The Mahabharata of Krishna-Dwaipayana Vyasa, Volume 2 eBook

This eBook from the Gutenberg Project consists of approximately 2,393 pages of information about The Mahabharata of Krishna-Dwaipayana Vyasa, Volume 2.


“Vasudeva said, ’After Gandhari had said this, that ruler of men, Dhritarashtra, then said these words to Duryodhana in the midst of the (assembled) monarchs, ’O Duryodhana, listen, O son, to what I say, and blessed be thou; do that if thou hast any respect for thy father.  The lord of creatures, Soma, was the original progenitor of the Kuru race.  Sixth in descent from Soma, was Yayati, the son of Nahusha.  Yayati had five best of royal sages as his sons.  Amongst them, lord Yadu of mighty energy was the eldest-born.  Younger to Yadu was Puru, who, as our progenitor, brought forth by Sarmistha the daughter of Vrishaparvan.  Yadu, O best of the Bharatas, was born of Devayani and, therefore, O sire, was the daughter’s son of Sukra, otherwise called Kavya, of immeasurable energy.  Endued with great strength and prowess, that progenitor of the Yadavas, filled with pride and possessed of wicked understanding, humiliated all the Kshatriyas.  Intoxicated with pride of strength, he obeyed not the injunctions of his father.  Invincible in battle, he insulted his father and brother.  On this earth girt on four sides by the sea, Yadu became all-powerful, and reducing all to subjection, he established himself in this city called after the elephant.  His father Yayati, the son of Nahusha, enraged with him, cursed that son of his, and, O son of Gandhari, even expelled him from the kingdom.  Angry Yayati also cursed those brothers of Yadu who were obedient to that eldest brother of theirs, who was so proud of his strength.  And having cursed his these sons, that best of kings placed on his throne his youngest son Puru who was docile and obedient to him.  Thus even the eldest son may be passed over and deprived of the kingdom, and younger sons may, in consequence of their respectful behaviour to the aged, obtain the kingdom.  So also, conversant with every virtue there was my father’s grandfather, king Pratipa, who was celebrated over the three worlds.  Unto that lion among kings, who ruled his kingdom virtuously were born three sons of great fame and resembling three gods.  Of them, Devapi was the eldest, Vahlika the next and Santanu of great intelligence, who, O sire, was my grandfather, was the youngest.  Devapi, endued with great energy, was virtuous, truthful in speech, and ever engaged in waiting upon his father.  But that best of kings had a skin-disease.  Popular with both the citizens and the subjects of the provinces, respected by the good, and dearly loved by the young and the old, Devapi was liberal firmly adhering to truth, engaged in the good of all creatures, and obedient to the instructions of his father as also of the Brahmanas.  He was dearly loved by his brother Vahlika as also the high-souled Santanu.  Great, indeed, was the brotherly love that prevailed between him and his high-souled brothers.  In course of time, the old and best of kings, Pratipa, caused all preparations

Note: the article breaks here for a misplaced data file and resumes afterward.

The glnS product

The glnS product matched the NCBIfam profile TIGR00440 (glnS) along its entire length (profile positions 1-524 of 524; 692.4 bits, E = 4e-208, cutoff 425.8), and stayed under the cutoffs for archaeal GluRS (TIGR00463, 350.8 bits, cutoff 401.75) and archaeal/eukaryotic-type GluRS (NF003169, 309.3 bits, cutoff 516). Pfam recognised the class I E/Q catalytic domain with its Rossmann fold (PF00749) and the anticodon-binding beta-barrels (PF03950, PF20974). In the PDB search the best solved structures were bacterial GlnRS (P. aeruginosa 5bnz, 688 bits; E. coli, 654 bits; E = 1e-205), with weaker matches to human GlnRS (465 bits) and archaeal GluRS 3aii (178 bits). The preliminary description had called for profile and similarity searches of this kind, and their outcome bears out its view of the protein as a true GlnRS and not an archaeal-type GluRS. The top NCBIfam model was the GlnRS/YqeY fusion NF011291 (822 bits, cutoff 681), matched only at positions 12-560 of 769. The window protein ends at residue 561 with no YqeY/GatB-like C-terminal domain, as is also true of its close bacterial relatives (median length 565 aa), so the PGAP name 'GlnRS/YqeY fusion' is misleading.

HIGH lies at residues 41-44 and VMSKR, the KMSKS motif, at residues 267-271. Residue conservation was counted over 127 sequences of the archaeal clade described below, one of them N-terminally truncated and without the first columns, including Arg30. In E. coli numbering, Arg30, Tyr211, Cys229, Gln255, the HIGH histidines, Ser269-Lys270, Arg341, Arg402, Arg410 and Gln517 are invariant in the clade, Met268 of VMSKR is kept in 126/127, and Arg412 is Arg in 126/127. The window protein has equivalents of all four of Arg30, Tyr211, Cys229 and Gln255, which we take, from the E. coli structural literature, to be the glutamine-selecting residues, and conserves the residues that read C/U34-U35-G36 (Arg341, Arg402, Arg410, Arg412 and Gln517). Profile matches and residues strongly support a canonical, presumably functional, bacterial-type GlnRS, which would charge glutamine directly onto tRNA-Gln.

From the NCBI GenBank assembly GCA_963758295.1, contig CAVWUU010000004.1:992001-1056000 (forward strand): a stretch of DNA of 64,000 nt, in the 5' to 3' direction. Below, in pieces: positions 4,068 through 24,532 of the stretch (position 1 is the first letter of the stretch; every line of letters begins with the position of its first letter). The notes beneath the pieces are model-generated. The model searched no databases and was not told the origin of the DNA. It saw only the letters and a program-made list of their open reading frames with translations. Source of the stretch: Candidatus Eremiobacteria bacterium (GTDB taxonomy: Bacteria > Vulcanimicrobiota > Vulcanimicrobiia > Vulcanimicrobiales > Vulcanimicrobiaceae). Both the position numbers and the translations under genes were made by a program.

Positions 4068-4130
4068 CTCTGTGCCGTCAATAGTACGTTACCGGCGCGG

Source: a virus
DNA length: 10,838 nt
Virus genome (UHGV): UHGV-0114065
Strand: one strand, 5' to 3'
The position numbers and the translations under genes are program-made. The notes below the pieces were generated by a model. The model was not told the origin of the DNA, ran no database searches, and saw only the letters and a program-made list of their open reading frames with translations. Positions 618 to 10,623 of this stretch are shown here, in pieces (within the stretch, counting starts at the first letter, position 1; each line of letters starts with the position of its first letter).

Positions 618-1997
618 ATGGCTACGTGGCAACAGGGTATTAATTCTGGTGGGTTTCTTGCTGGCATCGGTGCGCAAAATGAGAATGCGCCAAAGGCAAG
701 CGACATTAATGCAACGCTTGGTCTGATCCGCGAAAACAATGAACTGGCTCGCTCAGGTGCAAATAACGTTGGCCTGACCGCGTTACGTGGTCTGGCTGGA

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The Mahabharata of Krishna-Dwaipayana Vyasa, Volume 2 from Project Gutenberg. Public domain.
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